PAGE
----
Reality: At small concentrations, nitrate can cause effects in freshwater that impact on the use of that water for humans and aquatic life.
Nitrogen itself is only harmful to humans at very high concentrations (11.3mg/l). Concentrations higher than this are thought to be a risk to young children and pregnant women, and are thought to cause blue baby syndrome which affects babies and toddlers. Therefore, drinking water with high concentrations of nitrate may be dangerous for at-risk groups.
These levels are often not reached in New Zealand’s rivers and streams but are reached in some groundwater areas, which could be used for drinking. This is not thought to be a problem in public drinking water but if households obtain their own bore water, problems may arise, particularly in intensive dairying and horticultural areas (where nitrogen levels are more likely to exceed safe drinking-water standards). Water with high levels of nitrate may need to be treated to remove the nitrate, which can be costly. If nitrate in groundwater continues to increase, public water supplies may exceed drinking standards and need to be treated. This will be a large cost to the New Zealand public .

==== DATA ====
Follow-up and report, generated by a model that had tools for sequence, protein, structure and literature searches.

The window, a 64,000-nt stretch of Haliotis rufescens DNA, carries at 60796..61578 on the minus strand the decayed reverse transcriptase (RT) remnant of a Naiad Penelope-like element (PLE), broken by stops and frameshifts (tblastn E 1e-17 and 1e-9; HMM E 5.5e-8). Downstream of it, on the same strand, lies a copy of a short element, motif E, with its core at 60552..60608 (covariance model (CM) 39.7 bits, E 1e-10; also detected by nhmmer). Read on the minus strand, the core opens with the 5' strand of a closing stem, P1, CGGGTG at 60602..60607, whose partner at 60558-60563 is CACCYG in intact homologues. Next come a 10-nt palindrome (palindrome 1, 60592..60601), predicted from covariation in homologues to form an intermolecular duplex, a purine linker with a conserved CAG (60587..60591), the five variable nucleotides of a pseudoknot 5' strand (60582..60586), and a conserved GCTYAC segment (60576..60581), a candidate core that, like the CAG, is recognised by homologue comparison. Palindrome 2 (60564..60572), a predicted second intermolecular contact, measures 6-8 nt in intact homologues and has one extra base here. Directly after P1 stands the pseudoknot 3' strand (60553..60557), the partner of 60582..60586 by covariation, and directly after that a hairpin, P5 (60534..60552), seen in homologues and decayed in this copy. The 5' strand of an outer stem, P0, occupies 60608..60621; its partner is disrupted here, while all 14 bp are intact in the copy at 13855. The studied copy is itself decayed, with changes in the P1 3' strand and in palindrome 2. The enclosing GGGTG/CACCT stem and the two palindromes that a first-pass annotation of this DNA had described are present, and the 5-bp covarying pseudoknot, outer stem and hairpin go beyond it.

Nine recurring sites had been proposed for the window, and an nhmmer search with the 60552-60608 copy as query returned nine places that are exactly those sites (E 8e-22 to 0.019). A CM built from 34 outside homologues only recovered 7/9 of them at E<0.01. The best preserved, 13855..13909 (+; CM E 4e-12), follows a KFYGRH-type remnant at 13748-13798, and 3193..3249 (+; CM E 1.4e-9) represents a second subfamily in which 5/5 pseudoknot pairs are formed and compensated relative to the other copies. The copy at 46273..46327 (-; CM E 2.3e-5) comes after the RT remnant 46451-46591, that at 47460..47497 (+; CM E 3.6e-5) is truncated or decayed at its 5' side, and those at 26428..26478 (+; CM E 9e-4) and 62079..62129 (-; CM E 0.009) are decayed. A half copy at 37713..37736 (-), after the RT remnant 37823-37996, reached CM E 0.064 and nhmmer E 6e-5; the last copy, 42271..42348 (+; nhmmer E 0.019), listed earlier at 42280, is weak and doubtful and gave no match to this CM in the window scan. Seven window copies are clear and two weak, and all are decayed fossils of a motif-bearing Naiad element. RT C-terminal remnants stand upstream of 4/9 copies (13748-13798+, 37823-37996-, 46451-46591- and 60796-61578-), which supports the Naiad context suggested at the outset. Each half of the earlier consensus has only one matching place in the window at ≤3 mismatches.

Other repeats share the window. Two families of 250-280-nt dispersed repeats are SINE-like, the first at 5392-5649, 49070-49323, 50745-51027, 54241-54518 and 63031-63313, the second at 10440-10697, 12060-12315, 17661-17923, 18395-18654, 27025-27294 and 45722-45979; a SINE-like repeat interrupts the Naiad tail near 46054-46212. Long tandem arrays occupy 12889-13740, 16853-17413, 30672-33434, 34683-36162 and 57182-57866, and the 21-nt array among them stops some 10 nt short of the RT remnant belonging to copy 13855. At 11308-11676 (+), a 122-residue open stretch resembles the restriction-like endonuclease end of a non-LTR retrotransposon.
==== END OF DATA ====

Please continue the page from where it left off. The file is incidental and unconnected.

The range of leaching from dairy land is 20 – 200 kg of nitrate per hectare. The average in Canterbury is 70 kg for both dairy platform and dairy support land (OVERSEER). Each kilogram of nitrate that reaches water pollutes 88 cubic metres of water from pure to the MAV (Maximum Allowable Value, for drinking water 11.3ppm). Using the average dairy leaching rate of 28 kg N/ha/yr (from OVERSEER), the volume of water estimated to reach nitrate levels for drinking water standards (from zero nitrate levels) from dairying land (2.4 million ha) is 5,947 million cubic metres (Mm3).
To reduce nitrate concentrations by 85 to 95 per cent in water costs at a minimum between $0.30 and $1.80 per 1000 litres ; however, costs vary considerably and can be much higher. Removal of this nitrate is estimated to cost between $1.78 and $10.7 billion . In reality, all of the contaminated water would not be used for drinking. Nevertheless, it represents a degraded natural resource and an externality. Additionally, estimates of nitrate contamination are based on water initially containing no nitrate; however, many groundwater reservoirs presently contain nitrate with some areas exceeding drinking water standards .
Nitrate pollution is already becoming a big problem in Canterbury. In 2012, 11 per cent of tested wells in Canterbury exceeded levels for drinking water, increasing from seven per cent in 2011 . This could have health implications for infants .
Nitrate has ecosystem consequences at much lower levels (Figure 1) than when it becomes unsafe to drink. Ecosystem effects can start to occur at levels below 1 mg/l in water.
Figure 1: Nitrogen is toxic to fish at far lower levels than it is toxic to humans.
Too many nutrients (mainly nitrogen and phosphorus) in rivers and lakes cause unwanted plants (weeds and algae) to grow in excessive amounts which form into mats of slimy growth and soupy, green, smelly water (Figure 2 and 3).
Figure 2: Excess nutrients cause growths of algal mats like this from the Oroua River.
Figure 3: Algal mats in the Matakana River.